How I Never Made $25,000 Per Month: A Lesson For Resolutions
2015 is here. The sun came up just like any other day for people, but with a Jager bomb concoction of excitement and misery from one hell of a hangover. January 1st is really no different than any other day, aside from the fact it's a chance to start something new.
In 2007, I had big dreams of becoming a millionaire. At the time, I believed that if you had a lot of money, you'd be happier, and life would be much easier. Little did I know, life would be easier in very obvious material ways, but a lot of rich people are totally miserable. Like, please let this plane crash into a mountain so I can get the fuck out kind of miserable.
To eventually reach millionaire status, I'd start my goal small: Make $25,000 per month. Coming from someone who had mere pennies to his name, and was still in high school, it was a totally logical step. The $25,000 per month never came. Big surprise.
I had really no plan of action or enough of a work ethic to truly do something, but even more so, my WHY wasn't deep enough. It had no roots, nothing to latch onto my desire to act and change. At the beginning of 2011 with the help of Tim Ferriss' book "The 4-Hour Body," I set out to lose 100 pounds in a year. I failed...kinda. I lost 75 pounds in about 2 1/2 years. What made losing weight successful and making fat stacks of cash not successful?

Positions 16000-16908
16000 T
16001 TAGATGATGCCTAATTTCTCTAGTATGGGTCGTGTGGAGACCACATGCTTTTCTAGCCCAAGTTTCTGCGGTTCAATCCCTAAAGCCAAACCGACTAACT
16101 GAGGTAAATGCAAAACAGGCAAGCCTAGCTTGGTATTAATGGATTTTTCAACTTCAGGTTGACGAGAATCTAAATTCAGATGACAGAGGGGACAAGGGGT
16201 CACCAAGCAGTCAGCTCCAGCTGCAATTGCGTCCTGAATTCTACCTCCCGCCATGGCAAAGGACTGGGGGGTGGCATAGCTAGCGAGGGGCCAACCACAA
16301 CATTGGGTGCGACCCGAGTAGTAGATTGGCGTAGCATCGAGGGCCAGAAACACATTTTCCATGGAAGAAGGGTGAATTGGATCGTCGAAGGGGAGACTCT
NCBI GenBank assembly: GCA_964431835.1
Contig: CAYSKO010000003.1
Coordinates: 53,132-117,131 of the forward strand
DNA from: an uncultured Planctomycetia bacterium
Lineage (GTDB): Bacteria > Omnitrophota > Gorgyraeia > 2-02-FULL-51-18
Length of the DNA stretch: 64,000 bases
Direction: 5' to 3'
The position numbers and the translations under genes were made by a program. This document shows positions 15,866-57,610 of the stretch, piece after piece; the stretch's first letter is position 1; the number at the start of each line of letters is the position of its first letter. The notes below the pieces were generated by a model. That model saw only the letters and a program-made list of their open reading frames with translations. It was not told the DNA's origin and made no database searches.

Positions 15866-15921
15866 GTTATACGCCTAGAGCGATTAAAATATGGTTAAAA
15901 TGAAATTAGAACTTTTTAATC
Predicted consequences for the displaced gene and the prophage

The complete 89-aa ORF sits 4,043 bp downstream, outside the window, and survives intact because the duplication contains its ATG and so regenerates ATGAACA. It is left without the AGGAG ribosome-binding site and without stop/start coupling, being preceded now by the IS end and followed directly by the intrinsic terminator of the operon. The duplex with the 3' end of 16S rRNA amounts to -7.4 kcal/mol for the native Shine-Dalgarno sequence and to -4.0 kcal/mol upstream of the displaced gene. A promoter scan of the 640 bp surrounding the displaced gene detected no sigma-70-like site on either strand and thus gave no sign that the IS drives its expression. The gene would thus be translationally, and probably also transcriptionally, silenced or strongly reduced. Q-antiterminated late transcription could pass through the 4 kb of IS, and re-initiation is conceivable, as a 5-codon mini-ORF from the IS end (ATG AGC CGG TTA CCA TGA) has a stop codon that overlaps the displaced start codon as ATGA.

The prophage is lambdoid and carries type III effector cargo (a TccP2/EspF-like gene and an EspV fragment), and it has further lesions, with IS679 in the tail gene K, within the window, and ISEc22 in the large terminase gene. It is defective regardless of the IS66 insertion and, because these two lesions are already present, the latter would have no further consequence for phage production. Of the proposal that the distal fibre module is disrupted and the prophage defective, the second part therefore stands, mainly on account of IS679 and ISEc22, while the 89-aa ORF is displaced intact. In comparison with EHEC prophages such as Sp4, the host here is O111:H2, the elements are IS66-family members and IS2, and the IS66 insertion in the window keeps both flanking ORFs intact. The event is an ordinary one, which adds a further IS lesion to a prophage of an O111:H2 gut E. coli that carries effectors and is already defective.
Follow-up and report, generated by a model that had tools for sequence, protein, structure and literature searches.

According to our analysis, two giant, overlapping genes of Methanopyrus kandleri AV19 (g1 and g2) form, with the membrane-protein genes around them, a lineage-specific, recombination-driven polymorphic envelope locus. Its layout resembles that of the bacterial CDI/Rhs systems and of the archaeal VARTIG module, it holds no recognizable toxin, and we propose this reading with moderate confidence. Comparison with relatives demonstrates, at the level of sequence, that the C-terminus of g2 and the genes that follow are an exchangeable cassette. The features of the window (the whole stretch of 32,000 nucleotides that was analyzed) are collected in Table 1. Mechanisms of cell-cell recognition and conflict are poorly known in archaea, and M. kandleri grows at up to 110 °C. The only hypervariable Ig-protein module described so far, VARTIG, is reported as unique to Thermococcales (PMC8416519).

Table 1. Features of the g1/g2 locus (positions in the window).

The proper plan. The why. The roots. The desire to act after hitting almost 320 pounds, being diabetic, and seeing tagged Facebook photos of myself as this sort of lost child of Jabba the Hutt. You can say you want to accomplish this or that as your New Year's Resolution, but there's a 99.9% chance you won't if your foundation is built on paper mache.
And maybe you don't need to make any New Year's Resolutions at all. Maybe you just need to take another look at your goals, tweak, and act. Life can change so often and so fast that something you planned to do just doesn't apply anymore.
Whatever it is you do want to do, just don't make any excuses, and follow the roots.
Photo credit: Daniel Peckham
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